Official Website of Yuwaalaraay storymaker




Winner of the 2018 Black&Write Fellowship




"Darnmoor, The Gateway to Happiness. You feel some sense of achievement; that you have reached a destination in the very least. Yet, as the sign states, Darnmoor is merely the measure, a mark, a point on the road you begin to move closer to where you really want to be. Darnmoor itself is nothing."

Darnmoor is the home of the Billymil family, three generations who have lived in this 'gateway town'. Race relations between Indigenous and settler families are fraught, though the rigid status quo is upheld through threats and soft power rather than the overt violence of yesteryear.

As progress marches forwards, Darnmoor and its surrounds undergo rapid social and environmental changes, but as some things change, some stay exactly the same. The Billymil family are watched (and sometimes visited) by ancestral spirits and spirits of the recently deceased, who look out for their descendants and attempt to help them on the right path.

When the town's secrets start to be uncovered the town will be rocked by a violent act that forever shatters a century of silence. Full of music, Yuwaalaraay language and exquisite description, Song of the Crocodile is a lament to choice and change, and the unyielding land that sustains us all, if only we could listen to it.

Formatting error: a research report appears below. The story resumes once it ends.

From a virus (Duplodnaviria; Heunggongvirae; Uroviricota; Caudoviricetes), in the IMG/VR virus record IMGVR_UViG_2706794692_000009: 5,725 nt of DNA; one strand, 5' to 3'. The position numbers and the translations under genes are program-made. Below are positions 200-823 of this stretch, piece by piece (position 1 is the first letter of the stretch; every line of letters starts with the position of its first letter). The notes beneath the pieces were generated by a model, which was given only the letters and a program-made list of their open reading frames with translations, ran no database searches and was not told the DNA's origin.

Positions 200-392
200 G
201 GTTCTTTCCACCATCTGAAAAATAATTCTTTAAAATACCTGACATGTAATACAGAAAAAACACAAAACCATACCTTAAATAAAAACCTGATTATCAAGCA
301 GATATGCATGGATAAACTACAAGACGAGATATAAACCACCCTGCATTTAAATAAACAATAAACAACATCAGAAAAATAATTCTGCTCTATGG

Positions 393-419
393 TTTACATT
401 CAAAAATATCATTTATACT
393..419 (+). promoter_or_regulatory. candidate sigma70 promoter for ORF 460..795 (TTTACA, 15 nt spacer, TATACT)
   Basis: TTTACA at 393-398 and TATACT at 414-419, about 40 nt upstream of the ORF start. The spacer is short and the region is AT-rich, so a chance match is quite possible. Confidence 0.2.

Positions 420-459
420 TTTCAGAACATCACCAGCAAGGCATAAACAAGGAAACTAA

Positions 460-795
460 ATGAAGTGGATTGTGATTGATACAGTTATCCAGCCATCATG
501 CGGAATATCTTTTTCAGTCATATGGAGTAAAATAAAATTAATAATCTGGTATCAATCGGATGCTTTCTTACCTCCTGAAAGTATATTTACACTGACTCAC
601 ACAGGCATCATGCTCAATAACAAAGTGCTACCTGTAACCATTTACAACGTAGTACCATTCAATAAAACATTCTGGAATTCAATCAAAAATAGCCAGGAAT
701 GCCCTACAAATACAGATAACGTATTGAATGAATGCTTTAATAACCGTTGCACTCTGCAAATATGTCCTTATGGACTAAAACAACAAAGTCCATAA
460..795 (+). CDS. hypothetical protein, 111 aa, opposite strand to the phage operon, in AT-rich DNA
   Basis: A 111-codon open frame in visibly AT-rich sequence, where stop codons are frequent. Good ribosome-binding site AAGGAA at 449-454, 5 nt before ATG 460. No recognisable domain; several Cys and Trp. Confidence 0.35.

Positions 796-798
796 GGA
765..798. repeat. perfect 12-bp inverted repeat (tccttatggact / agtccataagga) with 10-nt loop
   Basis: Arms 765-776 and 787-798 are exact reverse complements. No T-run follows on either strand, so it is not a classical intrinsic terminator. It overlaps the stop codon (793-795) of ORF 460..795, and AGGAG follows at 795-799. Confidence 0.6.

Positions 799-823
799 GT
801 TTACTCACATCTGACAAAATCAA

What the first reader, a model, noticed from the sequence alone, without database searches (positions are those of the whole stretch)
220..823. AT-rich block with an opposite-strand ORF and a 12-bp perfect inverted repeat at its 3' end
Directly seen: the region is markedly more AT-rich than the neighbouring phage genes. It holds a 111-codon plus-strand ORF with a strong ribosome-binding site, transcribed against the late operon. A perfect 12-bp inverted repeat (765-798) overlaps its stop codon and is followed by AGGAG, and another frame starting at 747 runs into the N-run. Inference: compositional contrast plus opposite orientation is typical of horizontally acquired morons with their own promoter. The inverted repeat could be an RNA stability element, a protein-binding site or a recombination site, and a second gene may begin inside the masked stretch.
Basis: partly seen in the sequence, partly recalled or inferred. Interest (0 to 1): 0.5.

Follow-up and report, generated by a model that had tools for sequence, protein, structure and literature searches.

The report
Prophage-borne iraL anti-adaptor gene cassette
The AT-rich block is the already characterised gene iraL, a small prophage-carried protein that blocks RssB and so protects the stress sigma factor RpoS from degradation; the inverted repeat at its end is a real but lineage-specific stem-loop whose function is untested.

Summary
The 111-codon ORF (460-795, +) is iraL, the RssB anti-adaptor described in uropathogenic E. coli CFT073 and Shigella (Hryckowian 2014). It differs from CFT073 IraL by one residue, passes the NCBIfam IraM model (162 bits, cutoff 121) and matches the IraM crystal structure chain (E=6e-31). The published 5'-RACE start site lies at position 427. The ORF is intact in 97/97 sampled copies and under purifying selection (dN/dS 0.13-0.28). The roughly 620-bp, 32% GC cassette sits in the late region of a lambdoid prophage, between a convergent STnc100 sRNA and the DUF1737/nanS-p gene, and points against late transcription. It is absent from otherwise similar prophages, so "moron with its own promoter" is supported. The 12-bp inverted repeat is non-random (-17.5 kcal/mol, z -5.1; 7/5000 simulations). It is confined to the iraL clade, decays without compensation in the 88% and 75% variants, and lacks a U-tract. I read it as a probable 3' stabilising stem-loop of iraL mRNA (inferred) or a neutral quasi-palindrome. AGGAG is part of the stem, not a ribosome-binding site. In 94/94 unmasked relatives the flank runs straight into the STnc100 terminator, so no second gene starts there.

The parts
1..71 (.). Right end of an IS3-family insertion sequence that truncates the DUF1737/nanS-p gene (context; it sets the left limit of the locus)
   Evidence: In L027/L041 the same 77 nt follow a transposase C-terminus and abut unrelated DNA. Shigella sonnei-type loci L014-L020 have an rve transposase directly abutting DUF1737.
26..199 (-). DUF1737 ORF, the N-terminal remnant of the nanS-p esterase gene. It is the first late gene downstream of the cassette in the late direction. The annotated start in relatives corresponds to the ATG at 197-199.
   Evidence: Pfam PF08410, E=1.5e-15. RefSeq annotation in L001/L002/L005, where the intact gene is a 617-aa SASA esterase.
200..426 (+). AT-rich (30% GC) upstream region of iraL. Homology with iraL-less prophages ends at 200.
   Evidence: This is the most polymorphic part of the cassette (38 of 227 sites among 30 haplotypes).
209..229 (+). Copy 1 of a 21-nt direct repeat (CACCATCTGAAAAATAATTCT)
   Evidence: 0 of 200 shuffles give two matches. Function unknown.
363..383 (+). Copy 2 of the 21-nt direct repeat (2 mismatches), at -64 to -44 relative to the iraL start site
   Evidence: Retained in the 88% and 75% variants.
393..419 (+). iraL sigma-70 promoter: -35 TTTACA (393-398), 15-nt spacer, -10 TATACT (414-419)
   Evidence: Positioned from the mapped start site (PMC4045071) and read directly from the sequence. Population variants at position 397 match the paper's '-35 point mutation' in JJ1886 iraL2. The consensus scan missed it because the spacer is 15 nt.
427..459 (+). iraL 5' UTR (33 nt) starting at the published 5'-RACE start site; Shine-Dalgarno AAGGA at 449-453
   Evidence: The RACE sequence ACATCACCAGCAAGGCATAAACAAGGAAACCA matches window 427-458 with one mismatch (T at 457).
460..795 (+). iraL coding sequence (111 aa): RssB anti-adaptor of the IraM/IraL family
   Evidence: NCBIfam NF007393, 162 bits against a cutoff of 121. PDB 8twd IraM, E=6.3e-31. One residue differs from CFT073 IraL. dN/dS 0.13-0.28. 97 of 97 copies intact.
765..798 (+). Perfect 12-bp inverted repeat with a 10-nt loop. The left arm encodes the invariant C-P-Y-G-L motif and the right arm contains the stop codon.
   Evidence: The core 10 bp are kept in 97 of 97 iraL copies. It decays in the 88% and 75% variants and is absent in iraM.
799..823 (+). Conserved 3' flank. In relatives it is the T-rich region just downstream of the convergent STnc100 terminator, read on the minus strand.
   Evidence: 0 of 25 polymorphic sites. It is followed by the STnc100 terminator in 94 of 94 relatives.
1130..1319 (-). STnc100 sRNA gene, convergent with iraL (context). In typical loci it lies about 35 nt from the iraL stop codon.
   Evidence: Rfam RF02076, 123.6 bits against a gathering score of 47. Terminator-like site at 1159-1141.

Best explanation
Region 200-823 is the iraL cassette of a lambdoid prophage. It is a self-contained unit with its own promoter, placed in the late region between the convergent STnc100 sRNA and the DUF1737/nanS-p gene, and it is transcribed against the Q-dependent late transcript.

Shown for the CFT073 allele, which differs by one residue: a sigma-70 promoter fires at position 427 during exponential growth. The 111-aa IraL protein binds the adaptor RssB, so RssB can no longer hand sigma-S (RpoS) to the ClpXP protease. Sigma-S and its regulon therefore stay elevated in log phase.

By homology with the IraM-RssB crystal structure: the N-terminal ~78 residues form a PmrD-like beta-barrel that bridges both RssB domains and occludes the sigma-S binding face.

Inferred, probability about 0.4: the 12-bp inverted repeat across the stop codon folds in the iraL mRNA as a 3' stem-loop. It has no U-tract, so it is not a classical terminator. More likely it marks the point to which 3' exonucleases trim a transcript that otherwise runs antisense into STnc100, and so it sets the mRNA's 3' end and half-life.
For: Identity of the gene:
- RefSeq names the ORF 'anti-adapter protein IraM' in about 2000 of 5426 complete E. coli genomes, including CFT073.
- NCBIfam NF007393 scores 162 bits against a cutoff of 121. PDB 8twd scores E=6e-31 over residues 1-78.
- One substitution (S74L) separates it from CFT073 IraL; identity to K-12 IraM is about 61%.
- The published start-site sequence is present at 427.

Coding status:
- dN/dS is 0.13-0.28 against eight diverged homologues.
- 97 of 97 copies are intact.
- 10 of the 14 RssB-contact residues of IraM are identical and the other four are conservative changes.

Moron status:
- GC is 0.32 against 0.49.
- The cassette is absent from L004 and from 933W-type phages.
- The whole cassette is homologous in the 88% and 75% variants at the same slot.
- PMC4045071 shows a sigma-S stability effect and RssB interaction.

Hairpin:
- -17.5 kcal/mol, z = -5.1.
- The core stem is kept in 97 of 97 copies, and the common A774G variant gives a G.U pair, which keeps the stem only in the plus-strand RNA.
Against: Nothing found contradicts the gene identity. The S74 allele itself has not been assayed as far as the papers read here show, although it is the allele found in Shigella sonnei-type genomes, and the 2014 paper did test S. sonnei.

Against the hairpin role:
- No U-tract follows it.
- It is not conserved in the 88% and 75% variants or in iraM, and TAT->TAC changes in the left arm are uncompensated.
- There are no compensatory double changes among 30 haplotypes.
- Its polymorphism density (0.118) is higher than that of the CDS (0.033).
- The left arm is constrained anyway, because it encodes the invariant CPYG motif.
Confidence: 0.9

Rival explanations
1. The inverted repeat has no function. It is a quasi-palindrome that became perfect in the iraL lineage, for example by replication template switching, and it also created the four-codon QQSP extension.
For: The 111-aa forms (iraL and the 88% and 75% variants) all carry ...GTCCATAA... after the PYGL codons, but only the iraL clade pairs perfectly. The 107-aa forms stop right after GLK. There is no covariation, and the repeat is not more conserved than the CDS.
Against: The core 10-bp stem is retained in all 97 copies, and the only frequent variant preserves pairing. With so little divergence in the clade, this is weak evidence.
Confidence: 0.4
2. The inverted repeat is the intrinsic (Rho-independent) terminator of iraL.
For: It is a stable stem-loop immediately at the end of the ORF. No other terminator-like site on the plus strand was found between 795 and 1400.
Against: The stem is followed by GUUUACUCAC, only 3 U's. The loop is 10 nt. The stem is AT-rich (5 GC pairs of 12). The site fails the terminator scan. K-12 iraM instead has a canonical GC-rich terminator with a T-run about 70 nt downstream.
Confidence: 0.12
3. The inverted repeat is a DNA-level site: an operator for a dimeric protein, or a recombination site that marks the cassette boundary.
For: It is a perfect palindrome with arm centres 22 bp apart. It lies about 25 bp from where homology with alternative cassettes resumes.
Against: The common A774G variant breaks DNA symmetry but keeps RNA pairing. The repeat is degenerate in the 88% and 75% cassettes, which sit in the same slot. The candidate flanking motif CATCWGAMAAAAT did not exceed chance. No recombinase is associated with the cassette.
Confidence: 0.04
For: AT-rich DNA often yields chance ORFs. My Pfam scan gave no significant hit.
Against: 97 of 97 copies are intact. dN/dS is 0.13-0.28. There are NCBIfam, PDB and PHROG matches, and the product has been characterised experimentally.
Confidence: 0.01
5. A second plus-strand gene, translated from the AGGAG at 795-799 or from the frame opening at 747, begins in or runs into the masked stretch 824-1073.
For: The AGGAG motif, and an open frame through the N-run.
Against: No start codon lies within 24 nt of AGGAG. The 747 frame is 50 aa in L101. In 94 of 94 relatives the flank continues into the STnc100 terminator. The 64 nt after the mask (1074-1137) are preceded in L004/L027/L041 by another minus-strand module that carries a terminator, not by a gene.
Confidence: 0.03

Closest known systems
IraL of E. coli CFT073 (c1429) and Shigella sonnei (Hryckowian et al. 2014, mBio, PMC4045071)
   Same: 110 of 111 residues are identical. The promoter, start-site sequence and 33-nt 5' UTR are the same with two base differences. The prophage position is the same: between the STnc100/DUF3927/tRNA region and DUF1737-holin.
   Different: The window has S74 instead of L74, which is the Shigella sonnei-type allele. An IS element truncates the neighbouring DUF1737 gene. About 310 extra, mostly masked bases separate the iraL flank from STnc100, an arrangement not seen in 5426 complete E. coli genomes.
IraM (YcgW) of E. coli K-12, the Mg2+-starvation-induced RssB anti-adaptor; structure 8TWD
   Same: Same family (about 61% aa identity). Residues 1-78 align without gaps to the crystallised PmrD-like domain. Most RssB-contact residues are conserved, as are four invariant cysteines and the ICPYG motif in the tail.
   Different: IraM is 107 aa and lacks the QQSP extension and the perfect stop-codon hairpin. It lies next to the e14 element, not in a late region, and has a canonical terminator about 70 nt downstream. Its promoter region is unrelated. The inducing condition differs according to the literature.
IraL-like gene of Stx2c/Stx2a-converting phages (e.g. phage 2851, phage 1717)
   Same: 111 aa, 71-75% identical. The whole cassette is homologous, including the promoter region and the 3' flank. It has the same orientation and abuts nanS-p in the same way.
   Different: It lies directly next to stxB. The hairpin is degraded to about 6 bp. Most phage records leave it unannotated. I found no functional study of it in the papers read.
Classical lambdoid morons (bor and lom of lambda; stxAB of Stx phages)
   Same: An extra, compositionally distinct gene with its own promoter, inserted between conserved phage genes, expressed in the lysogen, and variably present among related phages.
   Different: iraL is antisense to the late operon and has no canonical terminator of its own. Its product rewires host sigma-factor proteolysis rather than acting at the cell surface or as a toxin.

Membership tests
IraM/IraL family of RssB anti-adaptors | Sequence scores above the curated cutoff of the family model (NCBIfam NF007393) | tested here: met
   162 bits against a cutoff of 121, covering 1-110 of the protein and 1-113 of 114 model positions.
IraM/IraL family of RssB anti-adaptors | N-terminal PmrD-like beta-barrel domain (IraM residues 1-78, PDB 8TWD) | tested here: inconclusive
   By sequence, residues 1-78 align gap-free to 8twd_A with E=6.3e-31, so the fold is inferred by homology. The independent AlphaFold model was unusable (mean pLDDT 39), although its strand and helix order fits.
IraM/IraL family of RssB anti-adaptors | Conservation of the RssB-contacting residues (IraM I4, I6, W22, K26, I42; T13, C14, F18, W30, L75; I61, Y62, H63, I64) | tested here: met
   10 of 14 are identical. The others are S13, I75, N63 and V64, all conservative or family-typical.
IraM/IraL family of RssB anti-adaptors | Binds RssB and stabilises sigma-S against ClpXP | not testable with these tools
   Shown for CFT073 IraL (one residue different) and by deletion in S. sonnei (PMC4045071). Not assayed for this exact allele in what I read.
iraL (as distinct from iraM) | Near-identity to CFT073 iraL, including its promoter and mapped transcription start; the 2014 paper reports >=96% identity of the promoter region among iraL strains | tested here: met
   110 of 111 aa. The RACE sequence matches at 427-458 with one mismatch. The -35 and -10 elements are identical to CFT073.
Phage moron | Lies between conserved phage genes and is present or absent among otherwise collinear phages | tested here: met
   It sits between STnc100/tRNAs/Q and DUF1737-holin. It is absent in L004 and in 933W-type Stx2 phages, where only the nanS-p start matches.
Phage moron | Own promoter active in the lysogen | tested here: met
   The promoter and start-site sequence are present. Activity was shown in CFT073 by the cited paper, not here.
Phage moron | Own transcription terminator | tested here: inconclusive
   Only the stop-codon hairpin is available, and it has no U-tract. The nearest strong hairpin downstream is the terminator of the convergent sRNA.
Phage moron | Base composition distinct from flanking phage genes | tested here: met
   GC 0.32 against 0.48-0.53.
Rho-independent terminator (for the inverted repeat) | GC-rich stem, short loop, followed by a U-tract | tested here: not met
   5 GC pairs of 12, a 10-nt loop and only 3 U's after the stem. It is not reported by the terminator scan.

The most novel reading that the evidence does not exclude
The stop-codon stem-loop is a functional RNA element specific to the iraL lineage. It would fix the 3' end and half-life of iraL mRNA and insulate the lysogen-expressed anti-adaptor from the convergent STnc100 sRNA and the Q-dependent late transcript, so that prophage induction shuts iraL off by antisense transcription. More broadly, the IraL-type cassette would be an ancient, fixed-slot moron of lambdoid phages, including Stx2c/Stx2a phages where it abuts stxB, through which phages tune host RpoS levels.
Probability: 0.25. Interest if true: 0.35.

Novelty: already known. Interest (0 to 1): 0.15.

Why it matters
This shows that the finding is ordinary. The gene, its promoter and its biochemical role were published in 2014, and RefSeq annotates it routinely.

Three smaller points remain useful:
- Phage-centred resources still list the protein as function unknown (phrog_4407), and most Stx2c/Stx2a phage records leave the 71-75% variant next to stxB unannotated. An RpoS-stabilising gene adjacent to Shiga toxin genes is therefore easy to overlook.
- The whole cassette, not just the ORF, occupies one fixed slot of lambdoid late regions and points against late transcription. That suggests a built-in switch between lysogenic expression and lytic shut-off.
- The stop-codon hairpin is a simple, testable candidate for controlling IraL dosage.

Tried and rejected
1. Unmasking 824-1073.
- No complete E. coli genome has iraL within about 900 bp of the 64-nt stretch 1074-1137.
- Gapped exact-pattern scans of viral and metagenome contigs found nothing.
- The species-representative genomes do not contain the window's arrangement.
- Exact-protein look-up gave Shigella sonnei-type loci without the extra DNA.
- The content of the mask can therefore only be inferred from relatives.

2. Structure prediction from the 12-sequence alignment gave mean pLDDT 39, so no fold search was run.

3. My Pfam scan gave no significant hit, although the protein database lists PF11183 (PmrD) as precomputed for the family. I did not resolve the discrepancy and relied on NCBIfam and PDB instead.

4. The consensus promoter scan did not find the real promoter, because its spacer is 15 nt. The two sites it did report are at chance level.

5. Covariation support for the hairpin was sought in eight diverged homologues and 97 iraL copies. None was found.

Longlisted for:
2021 Miles Franklin Award
2021 Stella Prize
2021 Australian Book Industry Awards - Literary Fiction Book of the Year

Shortlisted for:
2021 Victorian Premiers Literary Awards- Indigenous Writing
2021 MUD Literary Prize
2021 New South Wales Premiers Literary Awards - New Writing
2021 Indie Book Awards- Debut Fiction




In wonderful news, SOTC is one of 79 books nominated by libraries around the world for the 2022 DUBLIN Literary Award. Sponsored by Dublin City Council and in its 27th year, this award is the world’s most valuable annual prize for a single work of fiction published in English, worth €100,000 to the winner. You can read more about the award and longlistees here.

We are also proud to share that Song ofthe Crocodile has also been shortlisted for the 2022 Adealiade Festival Awards for Literature- Fiction Award. You can read more about the short listees at the State Library of South Australia website here.

In more wonderful news Nardi will be making her way to Naarm Melbourne for the 2022 Blak & Bright Literary Festival in March 2022. It will be the first time since the 2021 Adelaide Writers Week that Nardi has attend an in person event. Blak & Bright brings the best of First Nations writers, poets, academics, comedians and thinkers together to celebrate words and stories. Check out this festival's amazing events here.


Rich, complex characters who’ll stay in your thoughts long after you’ve closed the book, a gripping story that moves effortlessly through time and space, and a voice suffused with music and warmth. SONG OF THE CROCODILE is a moving, wise, deeply rewarding novel from an astonishing writer.